March 13, 2005

Rhode Island Politics & Taxation, Part XI

This posting continues a periodic series on Rhode Island politics and taxation, building on ten previous postings (I, II, III, IV, V, VI, VII, VIII, IX, X).

Arjay Miller, the former Dean of Stanford Business School, once offered this advice to aspiring executives:

Don't do anything you wouldn't want to see on the front page of the New York Times.

I was reminded of that quote when I read the article entitled "What was Rep. Fox doing in Portsmouth?" in today's ProJo:

The small group gathered on the waterfront for a tour of the proposed $100-million development.

In attendance were Democratic legislators representing Aquidneck Island districts -- Senate Majority Leader M. Teresa Paiva Weed, Sen. Charles Levesque and Representatives Raymond Gallison and Amy Rice.

Just one Portsmouth town official, Council President Mary Anne Edwards, had been notified. She was invited the day before.

"I don't know what the purpose of the tour was, to be honest," Edwards said later of the Feb. 4 gathering. "I don't know why we were there."

A representative of O'Neill Property Group, a Pennylvania company under contract to develop 150 acres along Portsmouth's western shore, led the tour along one of the state's last waterfronts available for development.

About an hour into the tour, House Majority Leader Gordon Fox, of Providence, arrived.

"It raised my eyebrows up 10 feet," Edwards said. "I don't know why he was there."

Two weeks later, Fox introduced House Bill 5688…

The bill provides a streamlined permitting process for the waterfront development and gives control of the project to a state commission.

No Portsmouth town official had asked for the legislation.

"It's one-stop shopping for permitting," Portsmouth's Edwards said. 'I'm so mystified by it. I don't know where the bill came from -- or who even told these [legislators] to do this. I certainly had nothing to do with it . . . It's confusing; it's confounding. Where's the pressure coming from?"

The Journal began looking at the bill last week, interviewing lawmakers and O'Neill representatives. Fox was questioned Thursday afternoon. Hours later, the bill was pulled…

O'Neill representatives approached the Portsmouth Town Council for the first time Feb 15. They asked for council support of their projects and legislation that would streamline the permitting process.

The council, wary of supporting such a broad proposal the same night it was introduced, scheduled a workshop to learn more about the plans and proposed legislation.

Two days later, before it could meet again, House Bill 5688 was introduced by Fox.

Some council members were furious.

"I think they have one heck of a nerve going over the Town Council's head," council president Edwards said of the state legislators…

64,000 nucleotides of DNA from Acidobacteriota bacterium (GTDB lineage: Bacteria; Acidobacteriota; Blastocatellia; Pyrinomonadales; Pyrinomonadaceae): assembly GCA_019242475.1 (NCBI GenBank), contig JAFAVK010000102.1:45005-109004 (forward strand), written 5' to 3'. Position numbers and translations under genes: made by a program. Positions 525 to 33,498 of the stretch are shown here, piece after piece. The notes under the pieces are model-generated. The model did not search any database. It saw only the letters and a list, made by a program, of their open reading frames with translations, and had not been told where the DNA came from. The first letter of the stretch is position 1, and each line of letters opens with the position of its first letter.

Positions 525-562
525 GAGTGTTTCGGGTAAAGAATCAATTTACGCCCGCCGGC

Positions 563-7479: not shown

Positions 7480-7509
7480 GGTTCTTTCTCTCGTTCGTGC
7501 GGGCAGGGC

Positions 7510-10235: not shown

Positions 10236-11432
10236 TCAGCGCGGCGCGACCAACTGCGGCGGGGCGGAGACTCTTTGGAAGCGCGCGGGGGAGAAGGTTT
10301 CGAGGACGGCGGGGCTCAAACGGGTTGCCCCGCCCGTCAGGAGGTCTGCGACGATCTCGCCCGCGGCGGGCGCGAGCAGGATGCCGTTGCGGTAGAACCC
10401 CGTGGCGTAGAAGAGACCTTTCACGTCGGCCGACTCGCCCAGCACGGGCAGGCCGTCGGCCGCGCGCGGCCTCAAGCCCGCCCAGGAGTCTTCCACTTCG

House Bill 5688 would have created "the Portsmouth Waterfront Economic Development District" to be controlled by an independent commission with broad powers that would oversee development on the town's western shore. It was modeled after similar legislation approved in 2003 for East Providence's waterfront.

It is unclear who would sit on the commission and whether the group's authority would supercede the local council and zoning board…

That's exactly the kind of bill O'Neill Properties wants…

Fox acknowledges that House Bill 5688 would have helped O'Neill Properties Group…

Fox is the only legislator from that Feb. 4 gathering who has met J. Brian O'Neill, who heads O'Neill Properties Group…

O'Neill visited the majority leader in his office shortly after the February tour. The encounter was brief, Fox said, and nothing more than an introductory meeting…

Despite criticism of the Fox bill, Levesque said he would introduce a new version if the Portsmouth Town Council wants it.

Gallison said the same.

"[The withdrawal] doesn't stop the process, it just slows down the process," he said. "We'll let it go through the Town Council. When they're ready to put something in we'll do it again."

These actions followed shortly after the House leadership implemented new governance procedures that showed an astonishing lack of respect for the principles of democratic, open government.

Rhode Island residents: Watch out, your freedom continues to be at risk due to the actions of State House leaders.

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This, and the introduction of the bill last week to give collective bargaining agreements precedence over town charters, raised a question about the relationship between state and town government that you might know the answer to.

Are there any limits on the authority of the state legislature to usurp the power of city/town government, or can any simple-majority act of the legislature override a conflicting municipal ordinance?

Posted by: Andrew at March 13, 2005 9:52 PM